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Jenkins v. Anton

United States District Court, M.D. Florida, Tampa Division

June 8, 2017

S. DAVID ANTON, PA and S. DAVID ANTON, Defendants.


          JAMZ'S S. MOODY. JR., Judge

         THIS CAUSE comes before the Court upon Plaintiff's Motion to Amend or Alter the Judgment or for a New Trial, and/or Alternatively, for Relief from the Judgment (Doc. 106) and Defendants' Response in Opposition (Doc. 111). Upon review, the Court concludes that Plaintiff's motion should be denied.


         Plaintiff worked as a paralegal at S. David Anton, PA from February 2013 to November 2013. She filed this action in February 2015, alleging that Defendants failed to pay her overtime as required by the Fair Labor Standards Act. The Court held a four-day bench trial in this action in February and March of 2017. Afterward, the Court entered a judgment in favor of Defendants (Docs. 98 & 100) because Plaintiff did not prove that she worked in excess of forty hours in any workweek that she was employed. Plaintiff now asks the Court to amend that judgment, grant her a new trial, or otherwise provide her with relief from the judgment.


         A. Rule 59

         Pursuant to Rule 59, a court may grant a new trial or amend a judgment entered after trial. Fed.R.Civ.P. 59. The court may grant a new trial “for any reason for which a rehearing has heretofore been granted in a suit in equity in federal court.” Fed.R.Civ.P. 59(a)(2). Some of these reasons include verdicts that are against the weight of the evidence, evidentiary flaws, and the prevention of injustice. Montgomery Ward & Co. v. Duncan, 311 U.S. 243, 251 (1940). Alternatively, the court may amend the judgment based on “newly-discovered evidence or manifest errors of law or fact.” Fed.R.Civ.P. 59(e); Jacobs v. Tempur-Pedic Int'l, Inc., 626 F.3d 1327, 1344 (11th Cir. 2010) (internal citation omitted). Ultimately, the court has discretion in determining whether to grant a new trial or amend a judgment. See, e.g., Montgomery v. Noga, 168 F.3d 1282, 1295 (11th Cir. 1999).

         Plaintiff argues that the Court should grant her a new trial or amend its judgment based on (1) the unavailability of an impeachment witness, (2) newly discovered evidence, and (3) a manifest error of fact and/or law. The Court will address each of these arguments in turn.

         i) Unavailability of a witness

         Plaintiff seeks a new trial because she hopes to call Yvette Rodriguez, Plaintiff's predecessor in the paralegal position, as an impeachment witness. Ms. Rodriguez would rebut Defendant Anton's testimony that Ms. Rodriguez did not work overtime during her employment with him. Plaintiff was unable to call Ms. Rodriguez as a witness at trial because she was unexpectedly hospitalized. Plaintiff did not list Ms. Rodriguez as a possible witness in her pretrial statement, notify the Court that she wanted Ms. Rodriguez to testify, or seek a continuance due to Ms. Rodriguez's unavailability. Plaintiff argues that not allowing her to present testimony to challenge Defendant Anton's veracity would be a miscarriage of justice.

         First of all, impeachment evidence is not sufficient to warrant a new trial. Southard v. Russell, 57 U.S. 547, 561 (1853); Davis v. Yellow Cab Co. of St. Petersburg, 220 F.2d 790, 792 (5th Cir. 1955); see also Toole v. Baxter Healthcare Corp., 235 F.3d 1307, 1316 (11th Cir. 2000) (enunciating rule in context of motion for new trial under Rule 60(b)). Second, there is no miscarriage of justice when Plaintiff's inability to present Ms. Rodriguez's testimony was due to Plaintiff's strategic choices. Plaintiff was not surprised by Defendant Anton's testimony about Ms. Rodriguez's employment-Defendant Anton gave the same testimony in his deposition, and Plaintiff acknowledges that she coordinated to have Ms. Rodriguez testify as an impeachment witness “in preparation for trial.” If Plaintiff wanted to ensure that the Court benefitted from Ms. Rodriguez's testimony, she should have taken Ms. Rodriguez's deposition and entered it into evidence.[1] Plaintiff's failure to do so does not require the Court to allow the untimely introduction of new evidence.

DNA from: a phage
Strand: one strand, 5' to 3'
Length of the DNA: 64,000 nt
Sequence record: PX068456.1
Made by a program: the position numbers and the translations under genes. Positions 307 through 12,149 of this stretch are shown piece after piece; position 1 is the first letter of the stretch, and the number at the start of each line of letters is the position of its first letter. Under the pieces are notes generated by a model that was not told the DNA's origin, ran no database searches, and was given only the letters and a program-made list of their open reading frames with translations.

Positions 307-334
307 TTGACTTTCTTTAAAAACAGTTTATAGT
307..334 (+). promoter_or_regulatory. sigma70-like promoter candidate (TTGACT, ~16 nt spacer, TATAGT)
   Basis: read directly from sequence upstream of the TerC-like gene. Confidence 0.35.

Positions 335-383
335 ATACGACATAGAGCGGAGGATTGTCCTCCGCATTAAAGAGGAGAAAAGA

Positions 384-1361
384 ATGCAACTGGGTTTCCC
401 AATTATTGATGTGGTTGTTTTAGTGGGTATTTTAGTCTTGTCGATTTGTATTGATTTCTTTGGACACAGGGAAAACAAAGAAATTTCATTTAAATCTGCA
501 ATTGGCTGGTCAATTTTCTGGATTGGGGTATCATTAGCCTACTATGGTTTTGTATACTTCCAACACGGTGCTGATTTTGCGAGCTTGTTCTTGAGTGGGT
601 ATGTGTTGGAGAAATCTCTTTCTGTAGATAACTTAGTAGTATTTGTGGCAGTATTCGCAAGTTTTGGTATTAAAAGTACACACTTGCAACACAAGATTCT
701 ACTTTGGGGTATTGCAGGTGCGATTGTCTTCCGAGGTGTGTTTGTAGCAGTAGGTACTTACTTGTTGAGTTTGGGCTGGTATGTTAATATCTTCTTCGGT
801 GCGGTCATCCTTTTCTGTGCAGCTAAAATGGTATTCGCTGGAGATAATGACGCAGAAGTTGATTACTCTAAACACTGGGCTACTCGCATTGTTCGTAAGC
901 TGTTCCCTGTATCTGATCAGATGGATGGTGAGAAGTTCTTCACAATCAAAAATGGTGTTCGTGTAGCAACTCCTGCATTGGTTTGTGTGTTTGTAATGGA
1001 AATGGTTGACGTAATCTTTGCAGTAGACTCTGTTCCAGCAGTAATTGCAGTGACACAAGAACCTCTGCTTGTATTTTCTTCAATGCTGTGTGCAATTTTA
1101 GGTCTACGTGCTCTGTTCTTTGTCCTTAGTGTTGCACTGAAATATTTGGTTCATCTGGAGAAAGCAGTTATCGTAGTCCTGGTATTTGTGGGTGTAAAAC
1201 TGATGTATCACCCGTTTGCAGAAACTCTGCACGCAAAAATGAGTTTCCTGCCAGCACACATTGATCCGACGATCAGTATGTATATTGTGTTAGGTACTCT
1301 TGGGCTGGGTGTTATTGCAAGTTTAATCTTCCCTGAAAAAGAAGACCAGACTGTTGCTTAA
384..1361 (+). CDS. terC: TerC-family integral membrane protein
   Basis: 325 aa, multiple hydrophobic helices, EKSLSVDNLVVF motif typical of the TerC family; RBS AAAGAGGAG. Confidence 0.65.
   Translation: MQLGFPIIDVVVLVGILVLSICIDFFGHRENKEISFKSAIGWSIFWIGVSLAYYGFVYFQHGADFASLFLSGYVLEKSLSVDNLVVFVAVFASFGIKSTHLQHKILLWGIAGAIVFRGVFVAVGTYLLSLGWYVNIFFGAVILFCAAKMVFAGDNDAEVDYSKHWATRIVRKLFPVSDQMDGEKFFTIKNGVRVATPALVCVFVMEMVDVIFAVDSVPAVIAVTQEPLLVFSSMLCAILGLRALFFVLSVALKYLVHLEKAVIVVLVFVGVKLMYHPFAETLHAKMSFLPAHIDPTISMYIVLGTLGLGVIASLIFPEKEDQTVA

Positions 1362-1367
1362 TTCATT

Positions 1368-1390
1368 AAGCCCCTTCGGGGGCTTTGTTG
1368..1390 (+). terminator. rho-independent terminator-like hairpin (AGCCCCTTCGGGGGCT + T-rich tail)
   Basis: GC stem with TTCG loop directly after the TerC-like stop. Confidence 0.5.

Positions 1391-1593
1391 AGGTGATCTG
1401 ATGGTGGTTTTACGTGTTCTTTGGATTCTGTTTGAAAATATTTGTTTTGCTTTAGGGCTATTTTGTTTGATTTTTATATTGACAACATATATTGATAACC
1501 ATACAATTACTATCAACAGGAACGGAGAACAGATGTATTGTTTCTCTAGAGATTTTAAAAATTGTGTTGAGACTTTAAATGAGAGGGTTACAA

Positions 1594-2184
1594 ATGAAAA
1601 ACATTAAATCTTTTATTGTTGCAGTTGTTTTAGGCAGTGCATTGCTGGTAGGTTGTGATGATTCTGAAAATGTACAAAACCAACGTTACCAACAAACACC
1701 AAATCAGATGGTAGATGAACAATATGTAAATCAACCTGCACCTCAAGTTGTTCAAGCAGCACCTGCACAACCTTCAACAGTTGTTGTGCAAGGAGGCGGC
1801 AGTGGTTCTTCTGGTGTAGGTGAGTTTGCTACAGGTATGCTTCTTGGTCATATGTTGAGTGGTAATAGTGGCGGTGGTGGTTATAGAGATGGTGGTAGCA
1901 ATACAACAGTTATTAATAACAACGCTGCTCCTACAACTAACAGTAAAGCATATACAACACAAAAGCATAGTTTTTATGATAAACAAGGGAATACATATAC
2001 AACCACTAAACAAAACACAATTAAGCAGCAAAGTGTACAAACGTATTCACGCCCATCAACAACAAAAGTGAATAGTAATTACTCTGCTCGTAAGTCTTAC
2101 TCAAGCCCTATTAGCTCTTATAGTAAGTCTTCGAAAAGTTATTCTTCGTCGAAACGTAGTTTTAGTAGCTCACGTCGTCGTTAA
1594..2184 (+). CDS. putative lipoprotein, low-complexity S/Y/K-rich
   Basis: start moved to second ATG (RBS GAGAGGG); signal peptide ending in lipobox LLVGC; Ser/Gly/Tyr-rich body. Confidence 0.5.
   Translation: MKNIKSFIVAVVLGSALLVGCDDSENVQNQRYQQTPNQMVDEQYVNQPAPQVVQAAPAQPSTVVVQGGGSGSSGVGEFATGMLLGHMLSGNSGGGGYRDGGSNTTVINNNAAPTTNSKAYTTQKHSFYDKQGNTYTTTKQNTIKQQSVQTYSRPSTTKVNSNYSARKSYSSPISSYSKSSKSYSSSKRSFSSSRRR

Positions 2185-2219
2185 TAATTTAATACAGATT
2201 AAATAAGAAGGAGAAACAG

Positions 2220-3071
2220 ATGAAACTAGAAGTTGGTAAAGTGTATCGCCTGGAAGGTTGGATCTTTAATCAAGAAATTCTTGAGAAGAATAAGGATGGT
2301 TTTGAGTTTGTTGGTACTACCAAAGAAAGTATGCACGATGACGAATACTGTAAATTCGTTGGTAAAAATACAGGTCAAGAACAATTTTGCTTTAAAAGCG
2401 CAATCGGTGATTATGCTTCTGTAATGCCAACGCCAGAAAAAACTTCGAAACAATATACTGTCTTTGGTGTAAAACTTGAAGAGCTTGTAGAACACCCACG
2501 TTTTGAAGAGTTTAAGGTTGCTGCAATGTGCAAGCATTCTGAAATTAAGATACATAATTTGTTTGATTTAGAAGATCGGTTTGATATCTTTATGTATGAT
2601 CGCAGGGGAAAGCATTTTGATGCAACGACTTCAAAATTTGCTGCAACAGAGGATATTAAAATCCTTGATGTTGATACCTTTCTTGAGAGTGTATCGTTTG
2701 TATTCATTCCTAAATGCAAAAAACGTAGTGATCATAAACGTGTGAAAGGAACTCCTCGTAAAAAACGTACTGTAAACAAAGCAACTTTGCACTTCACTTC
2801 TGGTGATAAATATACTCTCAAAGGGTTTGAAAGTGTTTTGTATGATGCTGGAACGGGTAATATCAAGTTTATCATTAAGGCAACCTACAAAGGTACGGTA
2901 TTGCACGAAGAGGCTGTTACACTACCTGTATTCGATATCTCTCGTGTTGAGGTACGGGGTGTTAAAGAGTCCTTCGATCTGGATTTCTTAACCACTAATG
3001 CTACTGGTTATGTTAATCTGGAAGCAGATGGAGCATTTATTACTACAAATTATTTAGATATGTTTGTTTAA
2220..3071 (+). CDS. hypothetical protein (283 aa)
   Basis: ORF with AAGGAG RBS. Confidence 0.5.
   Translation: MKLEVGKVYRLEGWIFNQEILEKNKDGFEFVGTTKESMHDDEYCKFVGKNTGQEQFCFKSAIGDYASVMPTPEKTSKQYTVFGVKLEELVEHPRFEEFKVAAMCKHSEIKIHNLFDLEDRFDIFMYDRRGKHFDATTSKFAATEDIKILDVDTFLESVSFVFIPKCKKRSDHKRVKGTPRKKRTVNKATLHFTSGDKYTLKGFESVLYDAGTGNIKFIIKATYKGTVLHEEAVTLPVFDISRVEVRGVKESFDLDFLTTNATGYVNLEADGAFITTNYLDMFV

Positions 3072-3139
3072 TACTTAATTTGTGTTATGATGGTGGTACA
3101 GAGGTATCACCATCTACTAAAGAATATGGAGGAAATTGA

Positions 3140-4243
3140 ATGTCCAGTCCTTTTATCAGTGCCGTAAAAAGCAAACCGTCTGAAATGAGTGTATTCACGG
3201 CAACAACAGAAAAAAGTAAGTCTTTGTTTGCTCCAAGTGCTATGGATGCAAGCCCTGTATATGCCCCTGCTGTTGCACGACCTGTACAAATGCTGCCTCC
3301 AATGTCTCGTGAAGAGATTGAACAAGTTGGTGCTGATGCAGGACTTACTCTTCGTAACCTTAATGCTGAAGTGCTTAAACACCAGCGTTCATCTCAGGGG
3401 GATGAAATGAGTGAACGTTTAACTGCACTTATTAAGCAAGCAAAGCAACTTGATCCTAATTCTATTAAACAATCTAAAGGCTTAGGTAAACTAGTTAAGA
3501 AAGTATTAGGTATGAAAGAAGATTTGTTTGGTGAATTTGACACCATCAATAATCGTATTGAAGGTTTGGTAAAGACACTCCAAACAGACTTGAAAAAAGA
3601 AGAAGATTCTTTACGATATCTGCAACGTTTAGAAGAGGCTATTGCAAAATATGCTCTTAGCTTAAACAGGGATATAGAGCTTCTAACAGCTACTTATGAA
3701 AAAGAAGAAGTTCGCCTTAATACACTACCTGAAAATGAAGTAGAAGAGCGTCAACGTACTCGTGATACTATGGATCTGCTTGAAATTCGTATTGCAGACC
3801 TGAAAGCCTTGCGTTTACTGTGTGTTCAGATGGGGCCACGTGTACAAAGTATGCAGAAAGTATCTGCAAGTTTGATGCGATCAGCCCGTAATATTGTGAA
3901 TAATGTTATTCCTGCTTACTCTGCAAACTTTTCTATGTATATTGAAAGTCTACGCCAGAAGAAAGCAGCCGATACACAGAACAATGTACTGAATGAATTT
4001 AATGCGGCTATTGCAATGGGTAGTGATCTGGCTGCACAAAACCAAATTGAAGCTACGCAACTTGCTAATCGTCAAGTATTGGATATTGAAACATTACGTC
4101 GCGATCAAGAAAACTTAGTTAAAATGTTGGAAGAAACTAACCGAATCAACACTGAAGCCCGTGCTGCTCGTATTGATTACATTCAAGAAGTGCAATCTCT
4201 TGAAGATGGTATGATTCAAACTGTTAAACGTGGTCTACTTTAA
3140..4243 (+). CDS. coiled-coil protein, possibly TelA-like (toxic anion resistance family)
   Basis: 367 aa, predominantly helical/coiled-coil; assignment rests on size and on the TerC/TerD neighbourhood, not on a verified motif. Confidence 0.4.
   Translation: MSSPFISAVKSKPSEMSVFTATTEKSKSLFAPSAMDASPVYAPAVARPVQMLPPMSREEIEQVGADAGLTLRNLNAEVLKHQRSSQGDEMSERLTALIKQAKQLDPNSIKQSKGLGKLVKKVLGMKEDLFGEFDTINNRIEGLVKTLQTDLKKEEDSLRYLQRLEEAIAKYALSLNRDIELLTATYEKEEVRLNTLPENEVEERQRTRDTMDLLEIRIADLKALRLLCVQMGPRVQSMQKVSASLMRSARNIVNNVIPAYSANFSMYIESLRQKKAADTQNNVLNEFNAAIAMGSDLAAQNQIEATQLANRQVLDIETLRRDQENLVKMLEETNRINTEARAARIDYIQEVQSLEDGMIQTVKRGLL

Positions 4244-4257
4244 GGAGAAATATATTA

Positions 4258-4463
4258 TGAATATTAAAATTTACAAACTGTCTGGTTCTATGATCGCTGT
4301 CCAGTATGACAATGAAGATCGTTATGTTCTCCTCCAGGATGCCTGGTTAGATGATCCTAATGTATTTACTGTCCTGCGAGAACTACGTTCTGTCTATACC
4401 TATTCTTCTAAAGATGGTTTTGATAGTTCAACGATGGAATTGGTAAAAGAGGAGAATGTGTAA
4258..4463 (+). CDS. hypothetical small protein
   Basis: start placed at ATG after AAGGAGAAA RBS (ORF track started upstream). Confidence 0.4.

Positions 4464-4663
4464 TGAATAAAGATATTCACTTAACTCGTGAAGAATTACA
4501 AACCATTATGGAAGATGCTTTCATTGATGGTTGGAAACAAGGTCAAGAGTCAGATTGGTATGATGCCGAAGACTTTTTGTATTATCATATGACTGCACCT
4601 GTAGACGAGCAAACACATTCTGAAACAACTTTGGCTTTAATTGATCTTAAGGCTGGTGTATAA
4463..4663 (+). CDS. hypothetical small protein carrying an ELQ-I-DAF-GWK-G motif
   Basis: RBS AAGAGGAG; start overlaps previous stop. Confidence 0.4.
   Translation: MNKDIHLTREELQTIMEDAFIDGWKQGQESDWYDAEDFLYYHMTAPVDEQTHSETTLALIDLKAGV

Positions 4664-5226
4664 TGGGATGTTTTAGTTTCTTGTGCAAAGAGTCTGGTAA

ii) Newly discovered evidence

         Plaintiff seeks a new trial or an amended judgment due to a newly discovered email that indicates that there may have been a spoliation of evidence. Plaintiff states that an anonymous person mailed her a printout of this email a few days after the Court entered the judgment in this case. The email is dated April 9, approximately two weeks after Defendants filed their answer to Plaintiff's complaint. In the email, Defendant Anton noted that he had deleted thousands of emails from his deleted items folder on Outlook and asked his IT support person, Shane Ragland, to delete all emails from 2014 and earlier that were in the deleted items folder on the firm's server.

         Plaintiff argues that if Defendants had properly produced this email during discovery, she could have “further investigate[d] the issue, take[n] a different approach to the case and/or trial, and address[ed] it with the Court.” Plaintiff does not satisfactorily describe how she would have approached the trial differently. Plaintiff likely would have used the email to impeach Defendant Anton, but impeachment evidence is not grounds for a new trial. Davis, 220 F.2d at 792. Plaintiff may also have argued that there had been a ...

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